Baseball's strike zone is the hotly contested center of the game

The heater rides in at 91 miles an hour, belt-high and straight, giving Orioles hitter Matt Wieters a good view of what looks like a strike in the making. As it reaches the plate, it dives toward the ground.

No mortal can say for sure whether the fastball from Angels pitcher Jered Weaver would have grazed the imaginary border of the strike zone, located at Wieters' knees. But umpire Kerwin Danley has called "strike" on two previous close pitches. Wieters swings, awkwardly. His slow roller ends the inning.

It's a single at-bat, one of 98 in a midseason game between contenders. The box score will say Wieters left a runner on base. But his failure is a collective event, a three-way collision between pitcher, umpire and batter, all played out in what is supposed to be a clearly defined area above home plate.

Welcome to the strike zone, 4.5 cubic feet at the heart of a game. Pitchers throw toward it, hitters defend it, catchers frame it, managers keep an eye on it, umpires adjudicate it and fans are convinced they can see it clearly from the upper deck.

The zone is invisible and imaginary, and its boundaries ebb and flow. Major League Baseball has installed sophisticated technology to try to manage the strike zone, but every game still relies on split-second, inexact judgments about balls and strikes. And as the Orioles wage their fight for a championship, this is the battleground.

"The K-zone has boundaries, but they change so much from one night to the next it's a hard thing to define," says Orioles shortstop J.J. Hardy. "It's kind of a mystery, to be honest with you. It's just one of those things about our game."

Wieters' groundout ended the first with a man on. The Angels would go on to score eight runs over the next two innings on their way to a rout. Did the at-bat matter at all?

Pitching coach Rick Adair says you can't rule it out.

"Win in the strike zone," he says, "and good things do tend to happen."

Is it or isn't it?

"[In baseball], you can't sit on a lead, run a few plays into the line and just kill the clock," the great Orioles manager Earl Weaver once said. "You've got to throw the ball over the damn plate and give the other man his chance."

Everyone in the Hall of Famer's game, in other words, must make an accounting of himself, and the one place he can't evade his destiny is the strike zone.

Small wonder that the sport demarcates it so clearly.

The strike zone is a conceptual right pentagonal prism, or heptahedron, that hovers directly above the 216.75-square-inch rubber slab known as home plate. The 2012 Official Baseball Rules establish the zone's upper limit at "the midpoint between the top of the shoulders and the top of the uniform pants" (essentially the letters), its lower limit at "the hollow beneath the knee cap."

The strike zone has the same official width as the plate, 17 inches, though umpires are expected to add the width of a baseball, or about 2.5 inches, to each side. If any part of a pitched ball grazes any part of this volume, it's legally a strike.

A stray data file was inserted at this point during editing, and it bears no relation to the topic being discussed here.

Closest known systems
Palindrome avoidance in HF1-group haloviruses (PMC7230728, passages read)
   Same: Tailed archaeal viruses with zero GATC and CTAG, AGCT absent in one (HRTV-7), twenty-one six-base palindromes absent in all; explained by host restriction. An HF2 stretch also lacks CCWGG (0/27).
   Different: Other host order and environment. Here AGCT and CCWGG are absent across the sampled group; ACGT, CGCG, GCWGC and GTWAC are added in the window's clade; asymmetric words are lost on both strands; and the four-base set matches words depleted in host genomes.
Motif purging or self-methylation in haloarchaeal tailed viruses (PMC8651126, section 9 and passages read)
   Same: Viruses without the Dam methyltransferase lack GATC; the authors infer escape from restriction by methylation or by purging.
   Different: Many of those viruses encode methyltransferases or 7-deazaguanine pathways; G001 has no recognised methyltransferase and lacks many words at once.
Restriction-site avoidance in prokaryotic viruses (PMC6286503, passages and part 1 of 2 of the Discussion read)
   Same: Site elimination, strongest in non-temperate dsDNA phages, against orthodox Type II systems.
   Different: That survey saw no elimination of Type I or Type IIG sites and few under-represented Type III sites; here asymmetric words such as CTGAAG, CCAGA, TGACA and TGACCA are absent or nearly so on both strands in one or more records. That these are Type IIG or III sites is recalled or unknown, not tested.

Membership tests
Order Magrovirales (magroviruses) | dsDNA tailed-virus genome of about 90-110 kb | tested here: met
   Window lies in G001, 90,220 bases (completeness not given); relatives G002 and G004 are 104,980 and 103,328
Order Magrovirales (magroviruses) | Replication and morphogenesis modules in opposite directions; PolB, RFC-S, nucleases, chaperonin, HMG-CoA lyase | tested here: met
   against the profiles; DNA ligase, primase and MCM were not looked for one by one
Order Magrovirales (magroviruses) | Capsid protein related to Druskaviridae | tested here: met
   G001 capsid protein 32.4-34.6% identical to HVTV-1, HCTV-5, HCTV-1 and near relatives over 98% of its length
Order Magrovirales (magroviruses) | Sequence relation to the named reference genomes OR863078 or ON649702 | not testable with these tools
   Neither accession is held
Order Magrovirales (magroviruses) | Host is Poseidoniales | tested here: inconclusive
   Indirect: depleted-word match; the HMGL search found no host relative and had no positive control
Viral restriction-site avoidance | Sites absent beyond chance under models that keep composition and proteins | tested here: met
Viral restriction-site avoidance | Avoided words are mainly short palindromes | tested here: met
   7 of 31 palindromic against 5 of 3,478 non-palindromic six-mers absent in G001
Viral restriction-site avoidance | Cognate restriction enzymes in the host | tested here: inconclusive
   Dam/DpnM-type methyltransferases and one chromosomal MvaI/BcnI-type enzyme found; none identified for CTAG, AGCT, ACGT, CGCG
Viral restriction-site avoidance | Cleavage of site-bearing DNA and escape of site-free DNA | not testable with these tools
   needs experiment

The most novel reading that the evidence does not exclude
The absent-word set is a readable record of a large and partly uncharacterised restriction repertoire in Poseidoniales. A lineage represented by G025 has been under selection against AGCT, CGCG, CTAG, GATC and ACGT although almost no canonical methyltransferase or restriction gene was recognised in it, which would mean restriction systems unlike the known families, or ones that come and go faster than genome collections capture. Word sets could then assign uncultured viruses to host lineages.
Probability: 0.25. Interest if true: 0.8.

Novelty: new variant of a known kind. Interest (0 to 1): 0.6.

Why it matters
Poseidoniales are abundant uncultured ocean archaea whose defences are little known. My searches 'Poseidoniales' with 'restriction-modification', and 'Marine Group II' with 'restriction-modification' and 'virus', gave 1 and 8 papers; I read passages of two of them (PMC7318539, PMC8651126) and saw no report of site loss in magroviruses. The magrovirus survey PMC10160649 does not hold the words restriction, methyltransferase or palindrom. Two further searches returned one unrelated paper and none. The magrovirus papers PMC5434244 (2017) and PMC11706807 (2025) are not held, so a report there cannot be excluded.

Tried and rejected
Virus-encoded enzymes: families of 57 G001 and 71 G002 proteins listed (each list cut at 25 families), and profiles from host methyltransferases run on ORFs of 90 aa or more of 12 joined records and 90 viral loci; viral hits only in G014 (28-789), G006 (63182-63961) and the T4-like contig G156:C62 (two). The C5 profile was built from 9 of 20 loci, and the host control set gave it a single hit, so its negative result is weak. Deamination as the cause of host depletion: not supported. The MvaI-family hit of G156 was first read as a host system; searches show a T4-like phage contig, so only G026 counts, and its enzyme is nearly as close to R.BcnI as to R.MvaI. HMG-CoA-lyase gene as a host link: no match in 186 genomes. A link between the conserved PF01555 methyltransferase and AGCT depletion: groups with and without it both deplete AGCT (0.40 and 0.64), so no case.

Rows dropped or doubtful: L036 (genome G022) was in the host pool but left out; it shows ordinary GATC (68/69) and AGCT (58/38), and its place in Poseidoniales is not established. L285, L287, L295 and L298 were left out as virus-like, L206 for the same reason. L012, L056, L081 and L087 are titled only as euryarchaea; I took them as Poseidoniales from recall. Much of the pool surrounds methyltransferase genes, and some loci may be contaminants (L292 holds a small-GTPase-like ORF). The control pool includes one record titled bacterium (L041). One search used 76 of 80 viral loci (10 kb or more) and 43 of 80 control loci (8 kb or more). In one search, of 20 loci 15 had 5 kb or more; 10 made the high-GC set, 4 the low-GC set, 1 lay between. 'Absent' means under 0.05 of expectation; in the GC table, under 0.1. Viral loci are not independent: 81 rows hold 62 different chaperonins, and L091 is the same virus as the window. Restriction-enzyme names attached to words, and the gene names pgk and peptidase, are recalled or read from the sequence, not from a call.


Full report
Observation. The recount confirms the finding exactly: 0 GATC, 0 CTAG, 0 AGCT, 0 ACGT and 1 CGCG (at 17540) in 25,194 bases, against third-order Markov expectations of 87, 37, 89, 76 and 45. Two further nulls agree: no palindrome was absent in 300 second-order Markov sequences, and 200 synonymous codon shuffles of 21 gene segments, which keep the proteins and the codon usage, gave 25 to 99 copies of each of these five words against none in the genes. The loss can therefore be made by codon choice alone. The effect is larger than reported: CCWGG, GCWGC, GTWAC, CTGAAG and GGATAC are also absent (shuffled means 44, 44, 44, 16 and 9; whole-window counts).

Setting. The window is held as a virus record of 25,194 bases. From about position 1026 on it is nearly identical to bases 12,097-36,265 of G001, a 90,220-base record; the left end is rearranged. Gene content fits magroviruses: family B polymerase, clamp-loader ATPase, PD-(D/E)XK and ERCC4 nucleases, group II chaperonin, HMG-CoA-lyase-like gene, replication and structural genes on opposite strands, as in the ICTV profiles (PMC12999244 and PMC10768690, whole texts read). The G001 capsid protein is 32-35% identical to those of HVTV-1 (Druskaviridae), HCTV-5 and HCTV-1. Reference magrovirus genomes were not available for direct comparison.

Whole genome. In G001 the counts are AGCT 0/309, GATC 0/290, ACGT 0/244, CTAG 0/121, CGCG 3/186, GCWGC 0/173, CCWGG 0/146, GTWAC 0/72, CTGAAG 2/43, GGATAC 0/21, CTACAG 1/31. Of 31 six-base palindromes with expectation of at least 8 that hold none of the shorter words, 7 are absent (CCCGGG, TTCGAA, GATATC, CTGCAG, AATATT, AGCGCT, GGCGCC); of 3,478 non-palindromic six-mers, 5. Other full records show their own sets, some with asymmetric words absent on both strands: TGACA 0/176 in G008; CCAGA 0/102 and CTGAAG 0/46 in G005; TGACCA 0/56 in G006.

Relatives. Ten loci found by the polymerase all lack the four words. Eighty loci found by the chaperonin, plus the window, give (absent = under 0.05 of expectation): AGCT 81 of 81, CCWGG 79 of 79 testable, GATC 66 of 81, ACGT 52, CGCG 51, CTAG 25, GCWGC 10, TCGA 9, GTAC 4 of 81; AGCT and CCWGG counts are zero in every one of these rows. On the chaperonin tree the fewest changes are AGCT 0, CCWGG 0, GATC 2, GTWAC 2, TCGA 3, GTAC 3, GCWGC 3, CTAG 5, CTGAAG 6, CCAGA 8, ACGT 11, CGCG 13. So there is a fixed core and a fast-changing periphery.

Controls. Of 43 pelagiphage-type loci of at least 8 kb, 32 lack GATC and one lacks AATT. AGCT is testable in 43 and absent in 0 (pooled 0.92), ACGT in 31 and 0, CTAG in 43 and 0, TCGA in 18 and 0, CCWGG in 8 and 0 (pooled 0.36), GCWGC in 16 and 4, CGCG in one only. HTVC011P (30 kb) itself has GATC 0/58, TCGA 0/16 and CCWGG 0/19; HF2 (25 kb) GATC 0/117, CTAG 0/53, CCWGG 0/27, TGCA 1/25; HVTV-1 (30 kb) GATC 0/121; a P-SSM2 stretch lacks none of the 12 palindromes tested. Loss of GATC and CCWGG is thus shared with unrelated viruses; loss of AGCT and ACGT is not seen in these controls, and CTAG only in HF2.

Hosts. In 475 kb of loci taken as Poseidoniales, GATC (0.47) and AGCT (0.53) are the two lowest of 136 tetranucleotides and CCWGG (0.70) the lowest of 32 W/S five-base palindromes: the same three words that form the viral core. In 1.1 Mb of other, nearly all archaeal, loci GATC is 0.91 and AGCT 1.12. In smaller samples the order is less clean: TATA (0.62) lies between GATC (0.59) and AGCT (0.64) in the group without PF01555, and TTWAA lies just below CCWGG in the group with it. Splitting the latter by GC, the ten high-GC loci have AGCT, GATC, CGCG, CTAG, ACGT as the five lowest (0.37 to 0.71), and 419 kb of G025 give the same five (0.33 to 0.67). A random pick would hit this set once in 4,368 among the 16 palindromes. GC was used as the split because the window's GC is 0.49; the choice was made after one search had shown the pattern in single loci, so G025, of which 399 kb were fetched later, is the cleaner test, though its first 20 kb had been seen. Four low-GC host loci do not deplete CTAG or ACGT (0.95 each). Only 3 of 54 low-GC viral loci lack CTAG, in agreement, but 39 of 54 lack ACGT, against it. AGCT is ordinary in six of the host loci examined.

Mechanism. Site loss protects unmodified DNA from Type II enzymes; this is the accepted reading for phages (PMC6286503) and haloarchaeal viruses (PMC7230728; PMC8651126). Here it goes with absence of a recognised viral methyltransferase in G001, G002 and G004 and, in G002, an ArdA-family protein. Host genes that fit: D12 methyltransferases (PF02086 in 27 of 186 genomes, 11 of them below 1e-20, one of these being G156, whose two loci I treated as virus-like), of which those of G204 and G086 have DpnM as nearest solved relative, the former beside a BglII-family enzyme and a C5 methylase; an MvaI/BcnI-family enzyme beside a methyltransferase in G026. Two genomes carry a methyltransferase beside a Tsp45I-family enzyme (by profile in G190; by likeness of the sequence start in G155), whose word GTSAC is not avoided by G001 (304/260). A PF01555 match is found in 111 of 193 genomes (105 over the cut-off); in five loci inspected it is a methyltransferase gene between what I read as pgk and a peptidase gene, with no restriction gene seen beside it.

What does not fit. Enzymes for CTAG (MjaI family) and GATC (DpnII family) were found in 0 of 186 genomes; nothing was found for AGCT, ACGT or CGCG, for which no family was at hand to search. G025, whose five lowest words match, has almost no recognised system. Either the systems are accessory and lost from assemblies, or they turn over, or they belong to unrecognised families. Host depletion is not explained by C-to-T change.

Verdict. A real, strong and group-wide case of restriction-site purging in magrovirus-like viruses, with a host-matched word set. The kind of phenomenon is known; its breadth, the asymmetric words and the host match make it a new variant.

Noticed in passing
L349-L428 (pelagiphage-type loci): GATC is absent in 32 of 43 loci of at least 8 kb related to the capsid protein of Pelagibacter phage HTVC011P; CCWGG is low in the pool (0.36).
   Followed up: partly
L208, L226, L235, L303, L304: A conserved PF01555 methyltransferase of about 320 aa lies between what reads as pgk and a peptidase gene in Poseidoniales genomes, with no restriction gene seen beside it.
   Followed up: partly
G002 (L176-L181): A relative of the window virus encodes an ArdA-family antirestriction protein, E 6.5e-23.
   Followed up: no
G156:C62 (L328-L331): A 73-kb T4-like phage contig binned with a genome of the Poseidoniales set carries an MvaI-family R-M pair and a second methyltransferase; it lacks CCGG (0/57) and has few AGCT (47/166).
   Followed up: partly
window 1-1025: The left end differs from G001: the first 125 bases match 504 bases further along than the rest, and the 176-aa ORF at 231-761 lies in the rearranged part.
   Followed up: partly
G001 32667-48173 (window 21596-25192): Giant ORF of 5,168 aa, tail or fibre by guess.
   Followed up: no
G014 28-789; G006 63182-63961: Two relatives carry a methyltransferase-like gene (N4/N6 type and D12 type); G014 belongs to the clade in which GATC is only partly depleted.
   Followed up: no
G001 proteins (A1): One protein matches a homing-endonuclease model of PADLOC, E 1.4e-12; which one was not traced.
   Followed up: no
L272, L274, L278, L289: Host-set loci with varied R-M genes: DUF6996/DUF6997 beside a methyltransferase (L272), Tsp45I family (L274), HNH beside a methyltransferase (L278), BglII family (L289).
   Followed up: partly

Clear enough? The man who oversees big league umpires, Randy Marsh, thinks so. He has helped spearhead a technology-powered mission in the game to regularize the strike zone, and he's happy with the results.

"It's not the umpires that set the strike zone," says Marsh, a former big league ump in his own right. "It's the hitters. They do it when they take their stances. Otherwise, it's totally uniform."

Umpires are remarkably consistent these days, he says, about 96 percent accurate in 2012.

Just don't try to pitch that view to baseball's other stakeholders. They see the zone as a fuzzy enterprise.

"It's an imaginary box in the umpire's mind," says closer Jim Johnson, one of the Orioles' three All-Stars this year. "Some nights it's bigger; some nights it's smaller. You adjust. It's part of the game."

Hall of Fame pitcher Jim Palmer, now a MASN announcer, believes umpires are calling a wider strike zone this season and questions whether they're attaining the accuracy Marsh asserts.

"Not in most of the games I watch," Palmer says, adding that whenever he hears a pitcher has thrown a no-hitter, "the first thing I do is check to see who the umpire was."

Center fielder Adam Jones claims to pay no attention to the strike zone. Designated hitter Jim Thome, who has 610 career home runs, sees "only my own strike zone" when hitting, and adjusts if the umpire is calling wide strikes.

Hardy can't even tell you what the rule book says.

"Where's the official top? The belt?" he asks. "I don't know. That's where they call it, so that's where I play it, but it does change game to game."

The conversation spills into the stands, where fans hold a similar view. Lee Elrick, an Orioles season ticket holder who sat behind the plate at a recent home game, was quick to mention the "small strike zone" umpire Scott Barry was calling.